The Food of Mexico
Glorious Mexico is one of our closest neighbors, but ironically, most Americans haven't discovered the true riches of Mexican food. Sure, salsa has surpassed ketchup as our most popular condiment, and there are fast food burrito franchises in every city. But the foods of Mexico are much, much more than just chips and tacos.
Mexico has distinctly different regional cuisines, and coastal areas that serve seafood like no place else. It’s also home to large numbers of immigrants from all over the world, many concentrated into cities that take on the flavor of their immigrant people.
To really understand what Mexican food is all about, we need to look back to before Columbus. The primary foods were corn and beans, and wild game, since there were no cows or pigs until Europeans brought them. No cows meant no dairy, not even sheep’s milk. Turkeys originated in Mexico, long before they became a fixture of our Thanksgiving table. Of course the ancient Mayans had foods that would change the rest of the world, with their tomatoes, chocolate, vanilla, chiles, peppers, squashes and beans. The flavors of cumin, chipotle and oregano were Mayan, and still make Mexican food distinct. Tropical fruits and avocadoes were abundant, and corn tortillas and myriad other cornmeal creations were the bread of a culture without wheat.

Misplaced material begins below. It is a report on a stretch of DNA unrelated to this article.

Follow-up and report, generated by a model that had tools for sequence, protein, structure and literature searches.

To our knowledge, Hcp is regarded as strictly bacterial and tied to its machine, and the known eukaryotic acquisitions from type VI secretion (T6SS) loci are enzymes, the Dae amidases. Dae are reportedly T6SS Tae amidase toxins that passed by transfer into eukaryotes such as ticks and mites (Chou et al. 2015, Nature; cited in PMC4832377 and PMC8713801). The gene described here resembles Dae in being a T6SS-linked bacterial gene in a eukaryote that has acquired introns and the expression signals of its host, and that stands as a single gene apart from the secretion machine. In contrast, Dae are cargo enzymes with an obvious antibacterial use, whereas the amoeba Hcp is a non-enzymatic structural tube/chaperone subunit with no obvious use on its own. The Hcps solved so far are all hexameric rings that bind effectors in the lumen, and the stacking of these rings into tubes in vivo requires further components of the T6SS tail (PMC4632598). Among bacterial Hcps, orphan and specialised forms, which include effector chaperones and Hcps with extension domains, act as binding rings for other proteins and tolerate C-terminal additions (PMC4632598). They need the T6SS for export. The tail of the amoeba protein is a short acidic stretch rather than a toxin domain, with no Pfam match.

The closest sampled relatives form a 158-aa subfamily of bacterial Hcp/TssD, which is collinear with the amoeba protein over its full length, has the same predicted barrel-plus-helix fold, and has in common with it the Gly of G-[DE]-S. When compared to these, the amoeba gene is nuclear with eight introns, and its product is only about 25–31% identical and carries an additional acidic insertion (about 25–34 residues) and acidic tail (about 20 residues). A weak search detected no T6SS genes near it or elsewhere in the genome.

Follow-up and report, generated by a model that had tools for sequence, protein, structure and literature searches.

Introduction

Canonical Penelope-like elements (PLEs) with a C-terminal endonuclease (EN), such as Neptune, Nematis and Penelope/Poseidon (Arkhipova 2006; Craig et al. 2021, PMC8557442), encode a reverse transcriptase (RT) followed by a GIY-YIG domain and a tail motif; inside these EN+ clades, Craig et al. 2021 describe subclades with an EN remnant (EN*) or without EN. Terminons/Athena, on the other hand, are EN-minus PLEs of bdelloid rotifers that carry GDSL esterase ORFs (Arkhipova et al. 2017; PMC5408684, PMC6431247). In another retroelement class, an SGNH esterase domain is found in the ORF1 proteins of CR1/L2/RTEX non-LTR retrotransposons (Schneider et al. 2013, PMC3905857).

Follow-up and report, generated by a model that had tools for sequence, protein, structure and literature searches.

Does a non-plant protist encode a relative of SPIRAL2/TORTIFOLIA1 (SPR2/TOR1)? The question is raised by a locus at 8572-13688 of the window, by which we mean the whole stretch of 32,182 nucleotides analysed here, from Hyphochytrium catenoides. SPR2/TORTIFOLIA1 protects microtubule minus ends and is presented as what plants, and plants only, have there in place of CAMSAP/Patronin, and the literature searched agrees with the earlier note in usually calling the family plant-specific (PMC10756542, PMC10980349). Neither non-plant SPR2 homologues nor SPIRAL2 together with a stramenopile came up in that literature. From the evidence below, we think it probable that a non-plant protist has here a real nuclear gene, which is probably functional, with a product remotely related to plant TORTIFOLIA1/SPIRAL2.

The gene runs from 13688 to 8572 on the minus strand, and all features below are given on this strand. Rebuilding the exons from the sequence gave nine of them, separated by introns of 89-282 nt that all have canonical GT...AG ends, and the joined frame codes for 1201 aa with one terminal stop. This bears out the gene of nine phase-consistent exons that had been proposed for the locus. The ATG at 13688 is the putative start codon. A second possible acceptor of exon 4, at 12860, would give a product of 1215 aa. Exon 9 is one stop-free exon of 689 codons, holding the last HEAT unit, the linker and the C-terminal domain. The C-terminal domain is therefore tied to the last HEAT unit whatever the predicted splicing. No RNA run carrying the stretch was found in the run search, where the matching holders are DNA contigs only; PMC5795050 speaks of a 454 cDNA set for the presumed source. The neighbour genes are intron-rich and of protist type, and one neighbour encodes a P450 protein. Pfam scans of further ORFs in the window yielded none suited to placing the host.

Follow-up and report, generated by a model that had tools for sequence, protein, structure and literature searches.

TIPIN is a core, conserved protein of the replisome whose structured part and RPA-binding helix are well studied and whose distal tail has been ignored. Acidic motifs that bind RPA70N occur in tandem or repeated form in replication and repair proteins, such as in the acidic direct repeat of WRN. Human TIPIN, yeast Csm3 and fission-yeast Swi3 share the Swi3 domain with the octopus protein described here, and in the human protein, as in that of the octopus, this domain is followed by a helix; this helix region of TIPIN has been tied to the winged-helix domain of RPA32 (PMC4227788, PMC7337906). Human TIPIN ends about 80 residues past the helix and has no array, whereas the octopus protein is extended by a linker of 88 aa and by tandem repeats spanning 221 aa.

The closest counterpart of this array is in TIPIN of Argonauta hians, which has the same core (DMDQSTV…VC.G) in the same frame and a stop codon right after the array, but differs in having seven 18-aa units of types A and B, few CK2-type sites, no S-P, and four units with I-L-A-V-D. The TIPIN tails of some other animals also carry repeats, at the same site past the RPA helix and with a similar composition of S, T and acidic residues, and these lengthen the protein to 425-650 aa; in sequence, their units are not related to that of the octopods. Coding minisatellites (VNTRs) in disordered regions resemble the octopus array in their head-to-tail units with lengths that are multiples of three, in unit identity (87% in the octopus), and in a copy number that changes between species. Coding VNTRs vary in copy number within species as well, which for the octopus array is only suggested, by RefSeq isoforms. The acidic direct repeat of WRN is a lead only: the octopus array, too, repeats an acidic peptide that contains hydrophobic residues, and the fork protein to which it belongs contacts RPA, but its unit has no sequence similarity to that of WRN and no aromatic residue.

When Spanish influence arrived, along came livestock, wheat, rice, and all of the flavors of Spain. This was the beginning of a great melding of foods into the Mexican culture. Now rice, wheat flour and cheese are infused into many Mexican cuisines. Overall, across Mexico you can expect lots of corn, chiles and salsa. Northern Mexican cooking uses more flour tortillas in dishes like burritos, but the rest of the country leans more toward the traditional corn. The Yucatan area, especially Oaxaca, is famous for its complex mole sauce. Veracruz and the coastal areas are famed for their seafood dishes.
To add some authentic Mexican flavor to my dishes, I use the classic flavor combinations of lime and chiles, with oregano or cilantro. In rice, meats, or seafood, those flavors just sing "Mexico." Chipotle may be a new ingredient here, but it goes back to Mayan culture. I like to add a bit of smoky chipotle spice to my beans and soups with a chopped chipotle chile in adobo. Mole is a popular Mexican sauce I love for quick and easy transformations—it's available in jars, in either red or green style. The chocolate, sesame and chiles in the red or black mole add great complexity and spice to slow-roasted meats or chili-style bean stews. Green mole, based on pumpkinseeds and green chiles, is a great addition to a quick rice dish, or a marinade for chicken or fish.
Yes, there’s more to Mexico than tacos and burritos—if you haven't discovered the world of flavors south of the border, it may just be time to get better acquainted with the riches of one of our closest neighbors.
Here are some Mexcian recipes to try.